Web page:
“They tried to bury us. They didn’t know we were seeds.”
I’m the first to admit that I’ve never really been a political person. Growing up my family (and my religious circles) were all over the place, so I adopted the stance that I would choose my views and keep them as my own. I live my life, the best I can, in love, support, and acceptance of those around me, no matter the political sphere.
Enter Donald Trump…
I’m well aware that there are people within my social (media) circles who support this administration. That, for whatever their reasoning is, have found a way to look past the fact that The United States of America elected an individual with a proven record of sexual assault towards women all the way to its highest position. That we, as a “democracy,” chose to give power to someone that spews words of hate and division, singles out races and disabilities, and would rather use Twitter to (for a lack of better description) rant/whine/stir up controversy about the state of the world he’s created rather than find ways to use his newfound power to put a broken country back together.
The 2016 election removed my need to remain passive and neutral.
Lets be clear: the #WomensMarch was not a bunch of cry-baby females upset that Hillary isn’t in office. It was not us complaining that life as a girl is “hard enough” and we should get an award for having a uterus. It was not us thinking if we yell loud enough, we can change the election results or the fact that Donald Trump has taken office. It especially wasn’t us being preemptively upset when he “hasn’t even done anything yet.” In fact, many of us in that march fall into the “white privilege” category, myself included. But just because I’ve been lucky enough to reap the benefits of those who fought before me does not negate my obligation to fight for those who come beside me and behind me.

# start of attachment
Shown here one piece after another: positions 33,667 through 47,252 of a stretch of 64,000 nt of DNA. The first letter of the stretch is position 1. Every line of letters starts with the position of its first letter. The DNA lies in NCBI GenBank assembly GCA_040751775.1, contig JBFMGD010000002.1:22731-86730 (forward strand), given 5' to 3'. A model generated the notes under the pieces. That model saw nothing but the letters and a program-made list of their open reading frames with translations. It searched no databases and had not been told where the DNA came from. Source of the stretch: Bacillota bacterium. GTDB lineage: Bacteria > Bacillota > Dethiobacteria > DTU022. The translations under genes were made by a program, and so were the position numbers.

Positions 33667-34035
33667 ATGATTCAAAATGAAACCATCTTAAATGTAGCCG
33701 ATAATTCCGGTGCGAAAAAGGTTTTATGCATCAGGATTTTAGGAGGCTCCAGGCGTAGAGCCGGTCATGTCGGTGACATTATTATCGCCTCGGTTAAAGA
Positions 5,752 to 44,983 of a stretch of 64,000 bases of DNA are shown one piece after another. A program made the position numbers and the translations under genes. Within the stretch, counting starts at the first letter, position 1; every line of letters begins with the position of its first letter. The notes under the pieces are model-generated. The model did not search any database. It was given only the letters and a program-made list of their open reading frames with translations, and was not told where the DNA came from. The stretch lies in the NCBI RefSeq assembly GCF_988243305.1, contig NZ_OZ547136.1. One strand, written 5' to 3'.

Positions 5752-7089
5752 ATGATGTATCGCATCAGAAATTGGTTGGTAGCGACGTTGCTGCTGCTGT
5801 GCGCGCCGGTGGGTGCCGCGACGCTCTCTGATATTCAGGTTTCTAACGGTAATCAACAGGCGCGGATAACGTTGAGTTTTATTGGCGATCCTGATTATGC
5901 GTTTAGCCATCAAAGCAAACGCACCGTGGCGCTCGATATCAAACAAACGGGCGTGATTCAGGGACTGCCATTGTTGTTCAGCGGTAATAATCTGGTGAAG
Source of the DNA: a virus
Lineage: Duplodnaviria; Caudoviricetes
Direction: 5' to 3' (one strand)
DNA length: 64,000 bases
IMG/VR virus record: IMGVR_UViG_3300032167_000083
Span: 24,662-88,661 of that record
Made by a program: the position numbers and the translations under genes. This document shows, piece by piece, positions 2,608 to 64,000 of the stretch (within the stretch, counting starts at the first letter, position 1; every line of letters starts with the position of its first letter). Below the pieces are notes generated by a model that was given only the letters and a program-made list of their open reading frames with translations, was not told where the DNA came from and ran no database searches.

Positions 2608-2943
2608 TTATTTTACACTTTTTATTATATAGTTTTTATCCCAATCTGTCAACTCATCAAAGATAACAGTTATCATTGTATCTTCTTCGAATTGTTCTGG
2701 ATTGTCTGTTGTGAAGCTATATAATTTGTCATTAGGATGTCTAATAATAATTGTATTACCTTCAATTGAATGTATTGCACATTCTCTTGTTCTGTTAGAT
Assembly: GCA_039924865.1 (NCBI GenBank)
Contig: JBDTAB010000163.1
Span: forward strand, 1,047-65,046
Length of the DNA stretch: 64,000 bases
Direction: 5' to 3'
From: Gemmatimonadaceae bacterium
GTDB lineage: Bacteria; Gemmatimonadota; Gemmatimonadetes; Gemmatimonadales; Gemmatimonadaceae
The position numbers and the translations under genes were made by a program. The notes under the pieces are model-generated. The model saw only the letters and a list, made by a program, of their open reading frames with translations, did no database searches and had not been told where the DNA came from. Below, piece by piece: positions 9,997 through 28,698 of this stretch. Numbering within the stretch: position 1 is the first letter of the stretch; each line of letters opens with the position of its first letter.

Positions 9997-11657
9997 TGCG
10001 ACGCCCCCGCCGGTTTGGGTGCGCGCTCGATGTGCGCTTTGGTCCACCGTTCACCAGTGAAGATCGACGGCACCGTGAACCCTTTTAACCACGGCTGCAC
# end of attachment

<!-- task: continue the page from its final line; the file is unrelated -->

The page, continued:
Within that first 24hours as President of The United States:
- Trump made moves to remove healthcare from millions of Americans without a plan in place to support them in return. As someone with countless pre-existing conditions, this means I can be refused coverage across the board… and FYI if you’re a woman, most of our “stuff,” including childbirth, is considered a pre-existing condition
- He has vowed to remove funding from Planned Parenthood, effectively threatening a woman’s right to choose and to have safe access to necessary reproductive and sexual health benefits, many of which save lives daily. Abortion discussion aside, for many communities this is the only place to get things like STD and cancer screenings, and for many women its their primary source of medical care. He’s already made moves to remove funding overseas…
- He has nominated an unprecedented number of controversial and extremist Cabinet members, many of whom fall within his select group of financial backers and have proven to be alarmingly unfit to have this much power in this country. Exhibit A: Betsy Devos
As his first week continues, Trump has continued to issue executive actions that put his extremist views on the environment and immigration into play exactly as he promised. Despite a nationwide outcry over humanitarian and environmental facts, many of which have been silenced & shut down (gag orders on scientific facts are now a thing in #TrumpsAmerica?!), Keystone XL and DAPL legislation that helps Trump’s billionaire supporters is already in motion. Construction of the WALL (that even many of his supporters swore would never actually be built) has been ordered. Each day, a new executive action brings another radical cry to life – cries that during his campaign spurred division, fear, and violence throughout our country.
But this march was started to fight for women’s rights, right? Electing such a jarringly controversial and disrespectful man to the office of President reminded us that, no matter how far we thought America had come, gender equality is still a long ways away.